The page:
Suns Looking Within For Improvement

HANG TIME HEADQUARTERS – With the Steve Nash era over and no sign of a Valley of the Sun-themed version of the Big 3 on the horizon, fans of the Phoenix Suns are bracing themselves for a rebuilding project that could be as painstaking a process as they have witnessed in years.

It’s a fact of life for fans of basically every franchise in the NBA (save for the Lakers), and a reality that the Suns organization is tackling in a somewhat unconventional and rather refreshing way.

Instead of scrambling for a quick fix or looking for some superstar to rescue them, the Suns are focusing their attentions within their program and going about the business of trying to build a playoff contender from the inside. They are making player development the staples of their operation, with 17-year NBA veteran Lindsey Hunter leading the charge as the coach in charge of helping develop homegrown talent.

Paul Coro of the Arizona Republic provides some details:

Hunter began working out players this month with more individualized plans to come in September, when voluntary sessions begin.

“We’re trying to put together a system where we’re no longer looking for outside influences to create a better product,” Hunter said. “We want to do it right from the interior. A lot of people say, ‘You got to go get better players,’ which is true. But you have to make what you have better and we’re serious about it now.”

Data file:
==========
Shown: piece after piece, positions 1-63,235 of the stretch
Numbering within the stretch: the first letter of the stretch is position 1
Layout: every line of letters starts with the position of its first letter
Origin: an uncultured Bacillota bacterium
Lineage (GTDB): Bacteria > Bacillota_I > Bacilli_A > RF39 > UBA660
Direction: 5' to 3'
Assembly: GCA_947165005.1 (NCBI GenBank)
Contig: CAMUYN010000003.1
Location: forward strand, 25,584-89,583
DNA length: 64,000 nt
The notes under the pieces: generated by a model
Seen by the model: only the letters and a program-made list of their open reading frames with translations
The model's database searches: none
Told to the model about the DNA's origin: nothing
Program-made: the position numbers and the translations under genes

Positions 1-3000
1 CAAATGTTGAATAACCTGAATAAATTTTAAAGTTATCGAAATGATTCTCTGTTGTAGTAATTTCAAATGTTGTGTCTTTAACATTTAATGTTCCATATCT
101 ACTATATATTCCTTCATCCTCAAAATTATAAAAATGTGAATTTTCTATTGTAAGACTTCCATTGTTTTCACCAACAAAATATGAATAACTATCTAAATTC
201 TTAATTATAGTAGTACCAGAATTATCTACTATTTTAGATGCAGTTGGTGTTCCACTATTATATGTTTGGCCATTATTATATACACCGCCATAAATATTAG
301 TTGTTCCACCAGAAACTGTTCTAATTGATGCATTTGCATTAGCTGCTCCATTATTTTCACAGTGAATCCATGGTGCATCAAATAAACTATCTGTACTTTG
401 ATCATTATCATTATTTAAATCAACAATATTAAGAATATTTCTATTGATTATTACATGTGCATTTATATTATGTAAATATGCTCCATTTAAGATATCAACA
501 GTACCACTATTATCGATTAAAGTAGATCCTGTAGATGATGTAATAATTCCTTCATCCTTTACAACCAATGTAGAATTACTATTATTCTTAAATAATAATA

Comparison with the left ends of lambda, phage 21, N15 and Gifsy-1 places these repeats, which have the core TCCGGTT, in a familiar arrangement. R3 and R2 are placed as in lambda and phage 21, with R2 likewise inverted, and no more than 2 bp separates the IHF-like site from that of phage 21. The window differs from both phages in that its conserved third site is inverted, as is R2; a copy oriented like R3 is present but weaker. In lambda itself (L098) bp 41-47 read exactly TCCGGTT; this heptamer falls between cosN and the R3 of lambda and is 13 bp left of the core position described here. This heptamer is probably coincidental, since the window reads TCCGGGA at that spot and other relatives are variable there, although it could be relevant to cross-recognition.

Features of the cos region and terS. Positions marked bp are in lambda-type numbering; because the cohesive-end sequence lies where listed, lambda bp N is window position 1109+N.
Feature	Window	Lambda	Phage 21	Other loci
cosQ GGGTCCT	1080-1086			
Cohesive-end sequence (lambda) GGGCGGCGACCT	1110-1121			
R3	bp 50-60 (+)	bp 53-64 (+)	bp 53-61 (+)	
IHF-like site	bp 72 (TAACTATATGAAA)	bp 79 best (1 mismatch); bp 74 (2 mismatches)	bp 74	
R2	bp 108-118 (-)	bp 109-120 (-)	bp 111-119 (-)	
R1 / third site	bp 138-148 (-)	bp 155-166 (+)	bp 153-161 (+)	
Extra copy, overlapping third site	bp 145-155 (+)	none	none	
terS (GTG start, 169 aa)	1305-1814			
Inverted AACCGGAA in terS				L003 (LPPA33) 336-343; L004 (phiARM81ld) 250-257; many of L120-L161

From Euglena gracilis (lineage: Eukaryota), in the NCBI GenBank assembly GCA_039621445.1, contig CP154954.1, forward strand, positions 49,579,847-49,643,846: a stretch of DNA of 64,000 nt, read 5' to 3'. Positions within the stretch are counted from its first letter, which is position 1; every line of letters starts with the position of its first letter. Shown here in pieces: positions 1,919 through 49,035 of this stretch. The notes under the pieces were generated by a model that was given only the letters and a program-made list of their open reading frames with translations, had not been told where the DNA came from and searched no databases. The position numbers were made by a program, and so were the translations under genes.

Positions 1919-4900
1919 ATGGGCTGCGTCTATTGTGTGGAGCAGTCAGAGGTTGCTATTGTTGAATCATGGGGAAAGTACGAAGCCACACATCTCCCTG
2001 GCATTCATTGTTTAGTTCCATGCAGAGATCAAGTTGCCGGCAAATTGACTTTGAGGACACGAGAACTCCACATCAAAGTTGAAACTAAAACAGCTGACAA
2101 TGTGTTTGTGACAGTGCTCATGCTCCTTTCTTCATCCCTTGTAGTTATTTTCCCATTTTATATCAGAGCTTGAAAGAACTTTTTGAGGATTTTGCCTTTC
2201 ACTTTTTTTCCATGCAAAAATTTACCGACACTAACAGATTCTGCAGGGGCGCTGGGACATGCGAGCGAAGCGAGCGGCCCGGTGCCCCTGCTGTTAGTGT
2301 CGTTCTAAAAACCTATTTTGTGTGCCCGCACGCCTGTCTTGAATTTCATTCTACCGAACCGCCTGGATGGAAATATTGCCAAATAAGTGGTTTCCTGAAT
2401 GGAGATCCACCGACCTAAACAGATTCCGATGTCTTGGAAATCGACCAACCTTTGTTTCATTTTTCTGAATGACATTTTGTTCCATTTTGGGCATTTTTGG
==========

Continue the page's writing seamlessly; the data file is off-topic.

The Suns intend to hire a young former NBA big man and make the staff available to players “24-7,” General Manager Lance Blanks said.

“This is really important to me,” Blanks said. “It’s not something that was needed. What the organization was doing worked. It won at a very high level. Different personnel and situation. This will create a lot of continuity between front office, coaches and training staff.”

Mark West, the Suns’ vice president of player programs, will be used more — and that is long overdue for how he serves as a strong role model and an intelligent basketball man. High-character people such as West and Hunter can be an after-hours extension of the coaches.

“You have to approach a guy where you find him,” said West, who fared well with teenage Amar’e Stoudemire. “With some guys, you have to egg them on and build the relationship. With some, once they know what you do, they come to you and get issues off their chest or want me to be an advocate. Sometimes, I need to tell them, ‘You’re not playing because you’re not working hard enough.’ With tough love, you’ve got to bring it.

” … Trust me, the clock is ticking. There’s an end to this. We’ll try to make sure they get the most out of their careers.”

They’ll get a chance to test their program immediately with Michael Beasley providing the ultimate challenge for Hunter and this new initiative.

If the Suns can get the most out of Beasley’s immense raw talents, Hunter’s work will be validated. They have an intriguing mix of young and seasoned talent to work with — guys like Wesley Johnson and Kendall Marshall and Luis Scola and Goran Dragic — that will require someone to help mold the group together off the floor while coach Alvin Gentry does the same on the floor.